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I-9 E-Verify Immigration Compliance

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  1. When does an Employer have Knowledge of Unlawful Immigration Status

    By: Bruce Buchanan, Sebelist Buchanan Law


    In our book, I-9 and E-Verify Handbook (http://www.amazon.com/dp/0997083379), Greg Siskind and I discuss Knowledge of Unlawful Immigration Status. Here are excerpts from Chapter 6 from the book.

    6.1 What if an employer knows an employee is not authorized to be employed even though the Form I-9 was properly completed?

    An employer that knows the employee is not authorized to work, even though everything on the Form I-9 appears valid—is violating the Immigration Reform and Control Act (IRCA) because the employer is considered to have actual knowledge that an employee is not employment eligible. An employer that simply suspects an employee is ineligible to work should be extremely careful before terminating an employee, or even asking for additional documentation, unless the employer has a solid foundation for the belief. Taking an action after merely hearing from an-other employee that a particular employee is unauthorized to be in the United States is a recipe for a discrimination lawsuit because IRCA does not require employers to make inquiries under these circumstances. On the other hand, if an employee actually provides information to the employer regarding his or her immigration status, the employer would be considered to have knowledge. If the employer continues to employ this individual, it is a serious violation.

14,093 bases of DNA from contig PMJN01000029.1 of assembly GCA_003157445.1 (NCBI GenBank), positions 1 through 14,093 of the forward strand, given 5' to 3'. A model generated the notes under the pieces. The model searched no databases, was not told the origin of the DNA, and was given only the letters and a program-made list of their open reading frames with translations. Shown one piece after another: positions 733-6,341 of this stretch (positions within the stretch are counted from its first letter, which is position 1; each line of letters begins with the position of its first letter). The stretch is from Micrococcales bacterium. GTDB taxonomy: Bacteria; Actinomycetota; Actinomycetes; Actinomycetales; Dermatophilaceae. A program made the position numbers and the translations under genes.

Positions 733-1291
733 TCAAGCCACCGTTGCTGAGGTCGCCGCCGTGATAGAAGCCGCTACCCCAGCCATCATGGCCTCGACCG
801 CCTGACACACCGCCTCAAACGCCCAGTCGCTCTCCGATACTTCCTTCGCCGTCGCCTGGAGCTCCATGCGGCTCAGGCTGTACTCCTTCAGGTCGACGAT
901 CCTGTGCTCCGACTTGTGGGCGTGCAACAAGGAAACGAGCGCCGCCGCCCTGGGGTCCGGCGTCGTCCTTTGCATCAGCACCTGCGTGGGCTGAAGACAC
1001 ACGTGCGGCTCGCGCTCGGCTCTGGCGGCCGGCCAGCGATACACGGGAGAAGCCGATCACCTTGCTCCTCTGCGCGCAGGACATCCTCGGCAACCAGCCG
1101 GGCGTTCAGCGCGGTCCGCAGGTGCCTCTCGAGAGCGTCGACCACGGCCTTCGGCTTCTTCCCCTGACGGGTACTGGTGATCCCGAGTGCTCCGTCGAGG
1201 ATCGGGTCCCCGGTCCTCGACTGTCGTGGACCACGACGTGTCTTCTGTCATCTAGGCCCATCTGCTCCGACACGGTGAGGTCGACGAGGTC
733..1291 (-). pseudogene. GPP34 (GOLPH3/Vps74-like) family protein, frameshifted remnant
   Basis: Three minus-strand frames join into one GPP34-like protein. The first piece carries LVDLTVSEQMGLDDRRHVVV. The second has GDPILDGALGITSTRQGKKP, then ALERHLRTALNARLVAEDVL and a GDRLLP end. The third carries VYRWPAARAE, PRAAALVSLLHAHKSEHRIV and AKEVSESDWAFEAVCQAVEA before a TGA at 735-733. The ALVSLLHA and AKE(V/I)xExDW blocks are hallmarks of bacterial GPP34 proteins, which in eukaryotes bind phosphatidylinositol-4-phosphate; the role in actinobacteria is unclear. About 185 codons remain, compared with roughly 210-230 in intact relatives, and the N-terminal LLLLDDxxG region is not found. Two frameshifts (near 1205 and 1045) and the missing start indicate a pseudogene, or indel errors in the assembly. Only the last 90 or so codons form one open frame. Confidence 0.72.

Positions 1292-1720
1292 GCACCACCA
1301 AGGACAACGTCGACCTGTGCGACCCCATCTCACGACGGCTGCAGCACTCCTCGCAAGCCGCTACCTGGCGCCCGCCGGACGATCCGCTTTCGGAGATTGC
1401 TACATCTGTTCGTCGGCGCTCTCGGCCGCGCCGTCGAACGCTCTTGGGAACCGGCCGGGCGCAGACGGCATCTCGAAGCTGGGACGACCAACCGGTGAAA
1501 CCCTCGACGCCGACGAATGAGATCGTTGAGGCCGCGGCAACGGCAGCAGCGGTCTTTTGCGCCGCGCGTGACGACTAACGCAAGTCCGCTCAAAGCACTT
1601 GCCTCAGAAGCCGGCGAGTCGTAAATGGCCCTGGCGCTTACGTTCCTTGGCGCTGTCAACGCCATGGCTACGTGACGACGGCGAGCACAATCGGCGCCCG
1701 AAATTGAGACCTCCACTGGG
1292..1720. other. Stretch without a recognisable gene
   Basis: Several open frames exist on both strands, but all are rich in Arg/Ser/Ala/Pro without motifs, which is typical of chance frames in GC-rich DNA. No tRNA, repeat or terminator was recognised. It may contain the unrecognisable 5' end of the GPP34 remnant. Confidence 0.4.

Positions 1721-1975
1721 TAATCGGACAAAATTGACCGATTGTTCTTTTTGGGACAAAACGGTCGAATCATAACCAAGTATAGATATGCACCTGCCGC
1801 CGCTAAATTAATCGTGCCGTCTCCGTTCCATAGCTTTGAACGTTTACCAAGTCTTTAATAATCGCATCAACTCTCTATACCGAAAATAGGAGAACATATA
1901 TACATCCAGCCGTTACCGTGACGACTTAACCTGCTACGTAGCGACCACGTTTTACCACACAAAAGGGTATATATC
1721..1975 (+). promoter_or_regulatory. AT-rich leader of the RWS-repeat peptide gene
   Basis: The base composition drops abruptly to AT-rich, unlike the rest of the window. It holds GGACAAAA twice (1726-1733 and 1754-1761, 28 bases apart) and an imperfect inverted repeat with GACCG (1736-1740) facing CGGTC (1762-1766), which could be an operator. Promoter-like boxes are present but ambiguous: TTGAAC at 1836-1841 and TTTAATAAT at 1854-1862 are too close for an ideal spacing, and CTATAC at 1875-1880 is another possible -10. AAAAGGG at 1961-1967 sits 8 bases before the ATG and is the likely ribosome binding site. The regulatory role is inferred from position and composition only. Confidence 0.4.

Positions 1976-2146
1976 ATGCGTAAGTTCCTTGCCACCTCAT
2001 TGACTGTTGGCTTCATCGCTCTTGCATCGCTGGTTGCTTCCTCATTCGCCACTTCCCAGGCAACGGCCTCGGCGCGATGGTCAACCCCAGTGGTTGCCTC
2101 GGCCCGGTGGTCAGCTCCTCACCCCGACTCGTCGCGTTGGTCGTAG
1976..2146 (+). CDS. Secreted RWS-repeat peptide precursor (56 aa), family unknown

6.2 When would an employer be considered to have “constructive knowledge”?

    The U.S. Department of Homeland Security (DHS) regulations hold employers liable not only when they have actual knowledge that an employee is unauthorized to work, but also when knowledge may be inferred through notice of certain facts that would “lead a person, through the exercise of reasonable care, to know about a certain condition.” Code of Federal Regulations, Title 8, section 274a.1(e). This is called “constructive knowledge,” and DHS lists several examples in its rules:

     The employer fails to complete or improperly completes the Form I-9.

     The employer has information that would indicate the alien is not authorized to work, such as a labor certification (this would generally apply only when an employee already was claiming to be a U.S. citizen or permanent resident on the Form I-9).

     The employer acts with reckless and wanton disregard for the legal consequences of permitting another individual to introduce an un-authorized employee into its workforce.

    This list is not exhaustive, and employers also need to be cognizant of the anti-discrimination rules. In addition, failing to re-verify a Form I-9 requiring reverification usually will be considered constructive knowledge.

    A clearer situation is found when an employer receives a Notice of Suspect Documents (NSD) from ICE that an employee has submitted fraudulent documentation. The courts generally have held that such a notification would provide an employer with constructive knowledge of a problem and that the employer would need to re-verify.

    6.3 What if an employee later presents a different Social Security number from when the Form I-9 was completed?

    Because a person is assigned only one Social Security number (SSN) in his or her lifetime, an employee who comes to an employer with a number different from the one at the time of hire should be viewed with suspicion. The odds are that the employee used a false number to begin work and has somehow been able to obtain a valid SSN later (such as through a green-card application filed independently of the employer).